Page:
You won't need a subscription or membership—but the delivery fee is pretty hefty.
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In an effort to keep up with Amazon and Whole Foods, who recently launched two-hour delivery for Prime customers, Walmart has confirmed they are taking their delivery service nationwide, and that it will be available to 40 percent of all American shoppers by this December.

You may be one of the lucky few able to get Walmart purchases delivered straight to your door already: The service has been in place in six different regional markets. However, a national rollout will expand to 100 different cities and regions later this year.

And this isn't Walmart hopping on Instacart's bandwagon, either—the superstore is creating their delivery service from scratch, even providing same-day delivery.

Walmart's delivery service is vastly different from other options on the market—you won't need to purchase a membership (like Amazon's Prime) or pay for a subscription fee, for starters. Any customer who orders a minimum of $30 in Walmart groceries and other purchases delivered will pay a $9.95 fee for delivery, according to Walmart's official launch announcement.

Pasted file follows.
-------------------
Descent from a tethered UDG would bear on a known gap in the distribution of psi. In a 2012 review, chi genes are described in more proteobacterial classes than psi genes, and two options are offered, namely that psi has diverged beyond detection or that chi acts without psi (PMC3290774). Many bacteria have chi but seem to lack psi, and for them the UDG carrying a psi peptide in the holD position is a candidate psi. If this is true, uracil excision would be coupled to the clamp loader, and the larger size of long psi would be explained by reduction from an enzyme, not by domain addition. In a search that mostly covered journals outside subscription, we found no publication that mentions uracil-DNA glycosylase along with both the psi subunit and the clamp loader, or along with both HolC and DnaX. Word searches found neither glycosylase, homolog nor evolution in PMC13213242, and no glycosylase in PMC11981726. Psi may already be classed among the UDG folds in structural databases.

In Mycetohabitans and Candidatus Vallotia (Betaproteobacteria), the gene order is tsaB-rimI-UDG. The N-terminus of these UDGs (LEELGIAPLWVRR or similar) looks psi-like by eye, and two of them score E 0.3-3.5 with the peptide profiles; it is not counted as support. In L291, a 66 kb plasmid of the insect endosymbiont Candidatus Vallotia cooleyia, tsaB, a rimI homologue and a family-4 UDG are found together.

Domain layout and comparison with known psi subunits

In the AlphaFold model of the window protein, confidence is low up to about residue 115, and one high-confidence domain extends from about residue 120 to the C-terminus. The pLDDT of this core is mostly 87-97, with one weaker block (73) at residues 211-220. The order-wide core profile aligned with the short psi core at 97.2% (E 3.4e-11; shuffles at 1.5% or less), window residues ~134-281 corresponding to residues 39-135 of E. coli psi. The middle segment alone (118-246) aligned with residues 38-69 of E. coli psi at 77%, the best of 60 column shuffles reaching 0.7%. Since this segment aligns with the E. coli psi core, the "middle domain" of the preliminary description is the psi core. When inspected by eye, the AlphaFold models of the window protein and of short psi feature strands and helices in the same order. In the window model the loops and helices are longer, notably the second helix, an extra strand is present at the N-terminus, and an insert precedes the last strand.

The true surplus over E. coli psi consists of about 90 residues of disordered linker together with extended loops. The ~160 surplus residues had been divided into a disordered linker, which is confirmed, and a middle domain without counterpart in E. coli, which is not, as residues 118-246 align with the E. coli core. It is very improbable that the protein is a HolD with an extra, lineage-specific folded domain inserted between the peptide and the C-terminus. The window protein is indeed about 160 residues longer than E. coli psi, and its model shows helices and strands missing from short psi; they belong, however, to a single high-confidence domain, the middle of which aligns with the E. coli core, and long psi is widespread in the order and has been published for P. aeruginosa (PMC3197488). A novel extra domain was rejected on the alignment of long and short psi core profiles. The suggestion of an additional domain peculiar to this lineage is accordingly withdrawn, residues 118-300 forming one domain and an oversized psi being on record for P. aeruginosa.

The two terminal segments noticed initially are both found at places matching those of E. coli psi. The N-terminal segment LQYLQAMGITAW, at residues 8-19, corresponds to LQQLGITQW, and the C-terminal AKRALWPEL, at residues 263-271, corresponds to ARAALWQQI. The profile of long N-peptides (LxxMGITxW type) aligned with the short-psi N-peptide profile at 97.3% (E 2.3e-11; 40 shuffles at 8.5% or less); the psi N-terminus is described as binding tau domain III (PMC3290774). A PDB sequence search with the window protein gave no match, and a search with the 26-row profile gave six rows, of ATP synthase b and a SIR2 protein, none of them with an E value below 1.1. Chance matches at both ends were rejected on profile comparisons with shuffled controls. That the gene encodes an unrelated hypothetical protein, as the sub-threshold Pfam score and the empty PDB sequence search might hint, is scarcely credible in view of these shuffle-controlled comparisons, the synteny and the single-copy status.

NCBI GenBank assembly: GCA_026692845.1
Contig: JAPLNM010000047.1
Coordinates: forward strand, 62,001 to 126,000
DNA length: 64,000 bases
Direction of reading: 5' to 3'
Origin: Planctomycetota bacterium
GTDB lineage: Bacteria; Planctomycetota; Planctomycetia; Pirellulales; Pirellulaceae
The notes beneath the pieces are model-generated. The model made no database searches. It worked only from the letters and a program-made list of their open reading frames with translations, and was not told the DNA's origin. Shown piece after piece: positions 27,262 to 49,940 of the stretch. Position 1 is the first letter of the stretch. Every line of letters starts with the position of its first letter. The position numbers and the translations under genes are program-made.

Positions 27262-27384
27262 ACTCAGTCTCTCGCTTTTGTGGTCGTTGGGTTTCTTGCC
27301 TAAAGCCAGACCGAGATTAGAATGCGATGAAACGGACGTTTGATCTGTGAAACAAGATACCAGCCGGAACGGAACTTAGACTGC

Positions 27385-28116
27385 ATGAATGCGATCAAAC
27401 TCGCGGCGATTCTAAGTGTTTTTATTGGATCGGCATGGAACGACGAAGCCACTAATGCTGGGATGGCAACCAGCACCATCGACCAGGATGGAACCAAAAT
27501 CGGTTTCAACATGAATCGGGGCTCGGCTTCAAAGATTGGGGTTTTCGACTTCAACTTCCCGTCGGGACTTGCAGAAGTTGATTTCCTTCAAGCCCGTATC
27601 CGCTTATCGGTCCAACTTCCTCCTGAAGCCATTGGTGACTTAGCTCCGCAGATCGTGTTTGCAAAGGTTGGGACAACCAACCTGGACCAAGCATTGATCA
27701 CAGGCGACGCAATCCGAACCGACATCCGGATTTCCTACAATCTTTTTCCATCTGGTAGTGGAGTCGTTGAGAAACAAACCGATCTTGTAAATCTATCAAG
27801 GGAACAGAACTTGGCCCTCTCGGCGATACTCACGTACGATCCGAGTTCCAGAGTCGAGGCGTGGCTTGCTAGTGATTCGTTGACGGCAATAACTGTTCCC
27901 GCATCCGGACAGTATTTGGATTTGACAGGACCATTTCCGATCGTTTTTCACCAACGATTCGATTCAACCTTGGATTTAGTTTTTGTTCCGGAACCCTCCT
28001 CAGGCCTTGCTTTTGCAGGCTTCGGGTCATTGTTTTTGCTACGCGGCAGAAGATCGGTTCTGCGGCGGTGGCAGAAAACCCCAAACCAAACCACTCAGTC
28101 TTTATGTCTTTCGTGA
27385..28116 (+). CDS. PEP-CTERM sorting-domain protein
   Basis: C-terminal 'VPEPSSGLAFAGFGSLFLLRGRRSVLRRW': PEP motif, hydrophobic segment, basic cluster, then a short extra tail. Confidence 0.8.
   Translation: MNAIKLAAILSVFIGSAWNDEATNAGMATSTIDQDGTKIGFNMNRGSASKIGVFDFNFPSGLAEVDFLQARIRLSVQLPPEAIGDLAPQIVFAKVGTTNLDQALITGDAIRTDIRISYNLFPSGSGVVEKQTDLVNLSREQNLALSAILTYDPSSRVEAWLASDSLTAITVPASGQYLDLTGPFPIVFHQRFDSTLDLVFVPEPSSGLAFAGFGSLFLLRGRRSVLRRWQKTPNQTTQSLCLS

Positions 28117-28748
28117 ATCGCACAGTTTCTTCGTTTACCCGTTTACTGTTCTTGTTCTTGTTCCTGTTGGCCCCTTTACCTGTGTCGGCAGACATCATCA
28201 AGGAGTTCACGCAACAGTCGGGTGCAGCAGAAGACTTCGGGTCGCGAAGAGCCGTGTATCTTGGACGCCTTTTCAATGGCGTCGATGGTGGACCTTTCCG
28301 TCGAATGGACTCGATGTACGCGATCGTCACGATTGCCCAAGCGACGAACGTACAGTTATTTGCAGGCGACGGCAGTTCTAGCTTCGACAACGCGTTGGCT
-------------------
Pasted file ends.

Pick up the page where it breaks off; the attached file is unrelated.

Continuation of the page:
Which Walmart items can you get delivered, you might ask? Things like fresh produce, poultry, beef, seafood, shelf-stable staples, baked goods, and seasonal products are eligible. You'll shop for these items, and arrange delivery, using Walmart's Grocery App or on The company is gifting free delivery to first-time customers with code "FRESHCAR" if you're interested in trying the service for yourself.

And if your area isn't eligible for delivery services just yet, Walmart also revamped its Grocery Pickup service—you can shop for all of your groceries online and have your order loaded when you pull up to the store. You won't even have to get out of the car. This service is currently available at 1,200 locations and is coming to even more stores this year.

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“We’re saving customers time by leveraging new technology, and connecting all the parts of our business into a single seamless shopping experience: great stores, easy pickup, fast delivery, and apps and websites that are simple to use,” says Walmart's CEO, Greg Foran.

This is the latest move that the superstore has taken in order to keep business steady in the wake of Amazon's disruption of the retail industry this past year. It recently rolled out new meal kits for time-stressed customers, which incorporate other ready-to-eat grocery items as well, and closed more than 50 of its Sam's Club locations to prioritize online business.